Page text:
ISLAMABAD: The Competition Commission of Pakistan (CCP) has expressed reservations over the Punjab government’s decision to fix sugar price, warning that it would cause movement of sugar from Punjab to other provinces apart from having other consequences.
The commission in its Policy Note, issued on Saturday, advised the government to deregulate the sugar industry to promote free trade mechanisms where price signals can be effectively conveyed to all stakeholders to attract investment, increase competitiveness, and reduce distortions in local supply.
According to sources, the Policy Note was issued in the context of a circular issued by the provincial government for fixing the maximum retail price of sugar at Rs85 per kg.
The CCP observed that since Punjab is the only province to set a rate ceiling, one immediate effect could be that sugar could move to other provinces where no price ceiling is in place and it can command a higher market price.
The commission highlighted that the price control could also encourage hoarding by suppliers or impulsive buying by consumers, especially ahead of Ramzan, both of which will likely result in a shortage in the market and even higher prices for consumers.
“The possibility of the political fallout of higher prices makes governments frequently resort to regulating prices, particularly in times of high inflation and shortages,” said the watchdog.
However, it added that the promulgation of the Sugar (Supply-Chain Management) Order, 2021 by the Punjab government to prevent hoarding of sugar by the mills is a step in the right direction.
Due to various factors such as economies of scale, labour, equipment productivity and access to crop vary between different mills, it may not be possible for all the mills to produce sugar at the same cost and offer the same rate. Imposing the maximum retail price could mean that some mills, which must purchase sugarcane at the minimum support price, may not be able to break even. In this case, they would be under pressure to reduce the cost below government rate,” the note says.
As per officials, the price of sugarcane is the major cost factor in production. Mills may be hesitant to buy sugarcane at the minimum support price (MSP) and pressurise farmers to sell sugarcane below the MSP, which could force farmers to shift from cultivating sugarcane to other crops; thus setting the stage for reduced domestic production and undesirable shortages in the market in future.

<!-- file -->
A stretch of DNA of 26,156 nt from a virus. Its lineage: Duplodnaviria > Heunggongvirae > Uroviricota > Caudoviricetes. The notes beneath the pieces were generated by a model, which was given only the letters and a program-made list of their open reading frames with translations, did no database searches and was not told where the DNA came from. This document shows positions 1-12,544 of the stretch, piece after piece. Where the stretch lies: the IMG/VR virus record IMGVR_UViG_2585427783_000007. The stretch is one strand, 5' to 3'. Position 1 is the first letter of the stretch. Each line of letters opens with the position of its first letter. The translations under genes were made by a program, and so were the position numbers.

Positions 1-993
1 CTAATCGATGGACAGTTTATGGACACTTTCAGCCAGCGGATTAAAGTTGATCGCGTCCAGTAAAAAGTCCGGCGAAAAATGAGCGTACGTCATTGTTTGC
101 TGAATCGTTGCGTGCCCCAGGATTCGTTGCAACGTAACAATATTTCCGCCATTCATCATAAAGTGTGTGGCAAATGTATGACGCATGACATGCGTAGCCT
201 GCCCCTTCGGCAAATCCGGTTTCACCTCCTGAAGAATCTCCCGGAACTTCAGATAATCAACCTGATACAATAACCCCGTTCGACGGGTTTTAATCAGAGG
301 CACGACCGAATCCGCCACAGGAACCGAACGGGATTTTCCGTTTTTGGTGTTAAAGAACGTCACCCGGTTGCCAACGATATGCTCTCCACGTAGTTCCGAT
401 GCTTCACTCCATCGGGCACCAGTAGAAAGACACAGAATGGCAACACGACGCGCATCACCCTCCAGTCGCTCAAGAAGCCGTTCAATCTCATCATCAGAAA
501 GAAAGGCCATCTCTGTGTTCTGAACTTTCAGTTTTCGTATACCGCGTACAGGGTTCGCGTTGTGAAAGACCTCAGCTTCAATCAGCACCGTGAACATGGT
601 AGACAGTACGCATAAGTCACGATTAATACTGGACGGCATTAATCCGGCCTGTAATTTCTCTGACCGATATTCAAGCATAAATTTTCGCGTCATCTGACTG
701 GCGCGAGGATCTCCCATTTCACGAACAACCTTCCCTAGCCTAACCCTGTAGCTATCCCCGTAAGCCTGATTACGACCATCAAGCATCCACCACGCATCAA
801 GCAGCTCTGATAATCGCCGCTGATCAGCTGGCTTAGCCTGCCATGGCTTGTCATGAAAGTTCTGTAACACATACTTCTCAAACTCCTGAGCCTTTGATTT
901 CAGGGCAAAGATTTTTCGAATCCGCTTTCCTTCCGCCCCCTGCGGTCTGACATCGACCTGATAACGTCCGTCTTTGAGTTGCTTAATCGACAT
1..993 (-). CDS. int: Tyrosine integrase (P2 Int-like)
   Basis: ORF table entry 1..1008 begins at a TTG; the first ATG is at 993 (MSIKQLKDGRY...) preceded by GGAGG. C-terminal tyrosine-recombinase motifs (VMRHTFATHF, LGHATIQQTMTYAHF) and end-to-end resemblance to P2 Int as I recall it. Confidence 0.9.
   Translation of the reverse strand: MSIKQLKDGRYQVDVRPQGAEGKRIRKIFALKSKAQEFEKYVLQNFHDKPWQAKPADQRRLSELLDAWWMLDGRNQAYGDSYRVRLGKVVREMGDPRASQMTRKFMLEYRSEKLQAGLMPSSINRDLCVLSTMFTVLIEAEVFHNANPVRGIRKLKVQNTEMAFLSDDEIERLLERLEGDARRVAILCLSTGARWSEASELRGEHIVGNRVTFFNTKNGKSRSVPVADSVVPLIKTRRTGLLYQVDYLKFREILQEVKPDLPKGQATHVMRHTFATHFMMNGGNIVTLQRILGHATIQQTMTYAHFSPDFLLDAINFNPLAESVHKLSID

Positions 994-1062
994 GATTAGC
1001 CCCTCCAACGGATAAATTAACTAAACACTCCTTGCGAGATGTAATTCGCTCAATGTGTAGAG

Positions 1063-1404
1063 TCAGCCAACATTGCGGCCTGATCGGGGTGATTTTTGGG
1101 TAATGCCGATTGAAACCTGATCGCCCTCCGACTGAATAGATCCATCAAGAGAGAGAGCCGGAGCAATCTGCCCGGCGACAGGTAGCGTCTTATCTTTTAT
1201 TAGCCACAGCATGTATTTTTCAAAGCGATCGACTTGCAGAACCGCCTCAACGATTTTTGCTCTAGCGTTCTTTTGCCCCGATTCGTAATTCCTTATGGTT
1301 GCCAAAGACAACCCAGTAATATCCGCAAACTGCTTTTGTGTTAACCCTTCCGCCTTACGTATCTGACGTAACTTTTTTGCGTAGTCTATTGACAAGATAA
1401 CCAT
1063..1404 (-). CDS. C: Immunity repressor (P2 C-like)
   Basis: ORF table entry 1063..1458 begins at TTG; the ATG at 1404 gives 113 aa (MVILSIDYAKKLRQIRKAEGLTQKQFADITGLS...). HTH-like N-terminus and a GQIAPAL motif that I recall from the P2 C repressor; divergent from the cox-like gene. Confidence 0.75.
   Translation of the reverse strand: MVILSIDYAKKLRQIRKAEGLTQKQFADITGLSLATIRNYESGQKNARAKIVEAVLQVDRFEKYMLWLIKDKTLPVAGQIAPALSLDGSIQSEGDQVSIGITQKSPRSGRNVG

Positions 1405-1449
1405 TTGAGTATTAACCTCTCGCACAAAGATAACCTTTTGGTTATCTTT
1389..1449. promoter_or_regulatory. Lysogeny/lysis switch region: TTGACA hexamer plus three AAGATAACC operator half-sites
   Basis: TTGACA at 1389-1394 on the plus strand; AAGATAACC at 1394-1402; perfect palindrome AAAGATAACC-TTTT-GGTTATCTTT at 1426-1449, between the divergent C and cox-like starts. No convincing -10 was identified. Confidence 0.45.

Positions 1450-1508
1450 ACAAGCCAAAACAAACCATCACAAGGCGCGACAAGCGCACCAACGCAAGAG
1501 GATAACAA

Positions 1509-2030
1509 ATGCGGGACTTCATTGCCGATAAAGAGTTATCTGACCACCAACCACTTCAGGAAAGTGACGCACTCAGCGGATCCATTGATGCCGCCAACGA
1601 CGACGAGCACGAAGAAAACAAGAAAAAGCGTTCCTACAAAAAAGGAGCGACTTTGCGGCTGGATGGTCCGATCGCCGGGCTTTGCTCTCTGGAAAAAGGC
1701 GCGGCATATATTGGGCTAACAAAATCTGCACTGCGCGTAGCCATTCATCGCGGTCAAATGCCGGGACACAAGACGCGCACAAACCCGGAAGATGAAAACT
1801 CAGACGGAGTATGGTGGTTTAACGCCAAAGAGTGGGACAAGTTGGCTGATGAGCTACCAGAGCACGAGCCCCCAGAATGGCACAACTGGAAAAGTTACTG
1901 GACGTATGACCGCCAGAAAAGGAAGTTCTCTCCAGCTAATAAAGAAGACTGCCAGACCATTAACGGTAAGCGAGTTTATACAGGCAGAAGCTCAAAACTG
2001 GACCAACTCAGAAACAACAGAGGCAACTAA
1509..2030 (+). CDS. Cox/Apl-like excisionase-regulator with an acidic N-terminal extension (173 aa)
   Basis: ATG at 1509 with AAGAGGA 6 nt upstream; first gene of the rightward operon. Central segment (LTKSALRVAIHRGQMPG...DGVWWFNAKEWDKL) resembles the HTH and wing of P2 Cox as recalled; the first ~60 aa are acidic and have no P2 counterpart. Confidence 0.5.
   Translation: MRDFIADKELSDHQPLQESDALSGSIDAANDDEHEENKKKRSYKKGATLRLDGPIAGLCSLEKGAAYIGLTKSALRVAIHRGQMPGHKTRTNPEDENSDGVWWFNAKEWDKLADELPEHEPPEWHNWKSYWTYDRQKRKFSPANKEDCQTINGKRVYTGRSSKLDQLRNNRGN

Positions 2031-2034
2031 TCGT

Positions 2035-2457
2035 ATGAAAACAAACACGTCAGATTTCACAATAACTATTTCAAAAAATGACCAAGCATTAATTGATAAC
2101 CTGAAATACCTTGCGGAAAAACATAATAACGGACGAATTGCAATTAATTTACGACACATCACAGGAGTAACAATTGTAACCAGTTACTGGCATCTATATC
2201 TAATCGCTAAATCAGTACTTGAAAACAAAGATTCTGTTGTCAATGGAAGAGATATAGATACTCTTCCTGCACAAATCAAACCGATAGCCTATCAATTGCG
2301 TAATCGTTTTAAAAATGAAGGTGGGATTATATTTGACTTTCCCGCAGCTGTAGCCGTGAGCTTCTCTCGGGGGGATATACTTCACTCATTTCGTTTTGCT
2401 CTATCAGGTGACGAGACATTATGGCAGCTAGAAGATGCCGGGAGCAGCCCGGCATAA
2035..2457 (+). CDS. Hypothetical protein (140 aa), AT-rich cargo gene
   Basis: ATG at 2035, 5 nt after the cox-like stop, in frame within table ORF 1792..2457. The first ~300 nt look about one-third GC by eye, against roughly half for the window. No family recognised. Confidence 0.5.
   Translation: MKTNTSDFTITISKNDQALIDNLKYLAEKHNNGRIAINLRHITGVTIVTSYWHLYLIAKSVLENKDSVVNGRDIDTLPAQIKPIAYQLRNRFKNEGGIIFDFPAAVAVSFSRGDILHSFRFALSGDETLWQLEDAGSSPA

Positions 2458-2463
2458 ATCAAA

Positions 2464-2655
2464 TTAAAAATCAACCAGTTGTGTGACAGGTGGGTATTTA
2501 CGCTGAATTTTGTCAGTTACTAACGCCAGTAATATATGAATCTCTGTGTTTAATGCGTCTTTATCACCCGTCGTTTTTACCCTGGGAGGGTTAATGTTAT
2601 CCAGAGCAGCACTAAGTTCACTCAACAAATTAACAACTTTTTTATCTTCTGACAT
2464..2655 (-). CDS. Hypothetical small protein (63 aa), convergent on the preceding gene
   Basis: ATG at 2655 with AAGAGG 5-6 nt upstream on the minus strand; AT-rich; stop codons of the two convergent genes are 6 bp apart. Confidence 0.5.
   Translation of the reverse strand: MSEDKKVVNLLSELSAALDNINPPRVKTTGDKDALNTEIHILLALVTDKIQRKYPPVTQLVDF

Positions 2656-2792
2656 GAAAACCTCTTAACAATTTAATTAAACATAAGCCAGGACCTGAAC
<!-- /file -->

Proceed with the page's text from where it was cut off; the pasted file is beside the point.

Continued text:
As a result of this, the government may have to import sugar and pay the price in the shape of a rising import bill for a commodity for which sufficient land and infrastructure is available in the country.
“If the market is deregulated, with free entry and exit, regulations and repeated interventions would not be needed,” the CCP said, adding that in an environment of open market competition, even mandatory crushing laws would not be required.
It added that most of the problems in the sugar sector stem from both over-regulation and lack of competition.
The commission observed that the price fixing, particularly at the time of Ramzan, is also likely to benefit industrial consumers and perhaps, not the target poor population because industrial consumers make up for about 70pc of total consumption.
For the end consumers, the prices may go up once such price fixing is lifted, the note stressed.
The CCP has blamed policymakers for giving protection to the country’s sugar industry through tariffs and subsidies that have not allowed it to develop the necessary capability to compete in the international market for sugar by-products including ethanol which was in much higher demand compared to sugar itself.
To tackle the issues, the commission suggested a more efficient agriculture policy, which would take all factors into consideration, including domestic exigencies as well as international reality and direction. “This will be in line with the federal government’s desire to achieve effective deregulation,” the note said.
The CCP also recommended the provincial government to focus on R&D in yield and quality and to make technological improvements in the processes at the mills to make the manufacturing process more efficient and cost productive.
Additionally, it recommended the Punjab government adopt a more efficient agriculture policy, which would take all factors into consideration, including domestic exigencies as well as international reality and direction.
“Deregulation, removing subsidies and ensuring competition in the market are much better options than setting a price ceiling,” the Policy Note concluded.